On Wall Street, they were all known as "quants," traders and financial engineers who used brain-twisting math and superpowered computers to pluck billions in fleeting dollars out of the market. Instead of looking at individual companies and their performance, management and competitors, they use math formulas to make bets on which stocks were going up or down.
It is a pleasure to edit the second volume of papers presented at the Mathematical
Finance Seminar of New York University. These articles, written by some of
the leading experts in financial modeling cover a variety of topics in this field. The
volume is divided into three parts: (I) Estimation and Data-Driven Models, (II)
Model Calibration and Option Volatility and (III) Pricing and Hedging.
The papers in the section on "Estimation and Data-Driven Models" develop
new econometric techniques for finance and, in some cases, apply them to derivatives.
After completing this unit, you should be able to: Value options using historical vol, moving average vol (MAV), exponentially weighted moving average (EWMA), and generalized autoregressive conditional heteroskedasticity (GARCH); calculate option model implied volatility surfaces -- time skew (a.k.a. terms structure of volatility), and strike skew (Smiles and Smirks); understand what volatility surfaces reveal about option prices, volatility, and the models.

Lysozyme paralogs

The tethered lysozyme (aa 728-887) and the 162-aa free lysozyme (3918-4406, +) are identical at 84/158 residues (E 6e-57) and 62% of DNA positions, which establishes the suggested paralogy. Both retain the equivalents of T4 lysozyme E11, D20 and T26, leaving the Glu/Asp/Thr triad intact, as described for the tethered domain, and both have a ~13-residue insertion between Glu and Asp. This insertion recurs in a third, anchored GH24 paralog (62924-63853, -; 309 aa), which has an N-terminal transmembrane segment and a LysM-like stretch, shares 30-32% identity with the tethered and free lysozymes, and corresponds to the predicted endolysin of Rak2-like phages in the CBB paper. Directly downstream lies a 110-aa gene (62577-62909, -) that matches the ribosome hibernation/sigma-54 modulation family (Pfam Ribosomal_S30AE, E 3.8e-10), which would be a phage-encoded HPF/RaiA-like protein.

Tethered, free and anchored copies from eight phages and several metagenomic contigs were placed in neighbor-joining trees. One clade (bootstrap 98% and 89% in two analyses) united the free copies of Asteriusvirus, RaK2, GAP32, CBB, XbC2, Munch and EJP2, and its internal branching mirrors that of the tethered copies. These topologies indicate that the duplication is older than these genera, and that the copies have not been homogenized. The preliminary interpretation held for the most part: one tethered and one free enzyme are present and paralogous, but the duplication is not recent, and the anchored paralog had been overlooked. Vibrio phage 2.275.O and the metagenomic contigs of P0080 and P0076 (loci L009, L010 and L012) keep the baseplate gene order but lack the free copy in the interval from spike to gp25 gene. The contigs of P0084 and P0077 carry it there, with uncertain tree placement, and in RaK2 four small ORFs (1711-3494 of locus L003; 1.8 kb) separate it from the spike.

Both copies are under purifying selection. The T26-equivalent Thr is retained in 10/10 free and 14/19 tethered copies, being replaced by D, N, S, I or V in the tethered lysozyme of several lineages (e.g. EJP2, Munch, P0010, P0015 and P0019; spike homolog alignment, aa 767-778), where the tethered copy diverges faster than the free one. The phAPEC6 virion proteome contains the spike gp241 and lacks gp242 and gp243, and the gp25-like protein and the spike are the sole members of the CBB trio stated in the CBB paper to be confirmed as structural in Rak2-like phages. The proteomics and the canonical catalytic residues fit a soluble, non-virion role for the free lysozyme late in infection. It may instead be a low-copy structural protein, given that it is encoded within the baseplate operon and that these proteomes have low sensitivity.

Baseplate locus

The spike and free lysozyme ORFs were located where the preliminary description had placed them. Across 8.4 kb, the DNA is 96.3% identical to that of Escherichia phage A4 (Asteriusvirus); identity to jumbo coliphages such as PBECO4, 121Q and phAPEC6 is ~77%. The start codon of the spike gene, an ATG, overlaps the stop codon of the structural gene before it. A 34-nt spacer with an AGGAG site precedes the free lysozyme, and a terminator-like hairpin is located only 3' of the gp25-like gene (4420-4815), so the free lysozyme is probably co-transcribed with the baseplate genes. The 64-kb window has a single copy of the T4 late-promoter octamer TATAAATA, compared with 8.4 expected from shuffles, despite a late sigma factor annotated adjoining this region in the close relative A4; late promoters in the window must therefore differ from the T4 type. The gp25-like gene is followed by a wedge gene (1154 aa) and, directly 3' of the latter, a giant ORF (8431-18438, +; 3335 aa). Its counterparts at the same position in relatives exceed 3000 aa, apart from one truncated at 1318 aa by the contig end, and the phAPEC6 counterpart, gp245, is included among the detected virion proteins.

To implement this method a problem is that the observed option prices do not provide a
continuous range, so that the resulting RND is not a well-behaved function. We overcome this
problem by using the smoothed volatility smile. From the observed option prices, the implied
volatilities are extracted by means of the Black-Scholes pricing function. To obtain a
smoothed volatility smile we then transform our data set of implied volatilities from the
volatility/strike space to the volatility/delta space.
This property is required because the empirically
observed densities of returns contrast with the Gaussian model [see Pagan 1996]. This
rejection results from two stylised facts. First, large price changes appear more frequently
than the normal density would lead to expect. Second, there are indications of significant
asymmetry in stock returns. In other words, negative and positive price changes do not have
the same probability. These two stylised facts are also apparent in implied volatilities.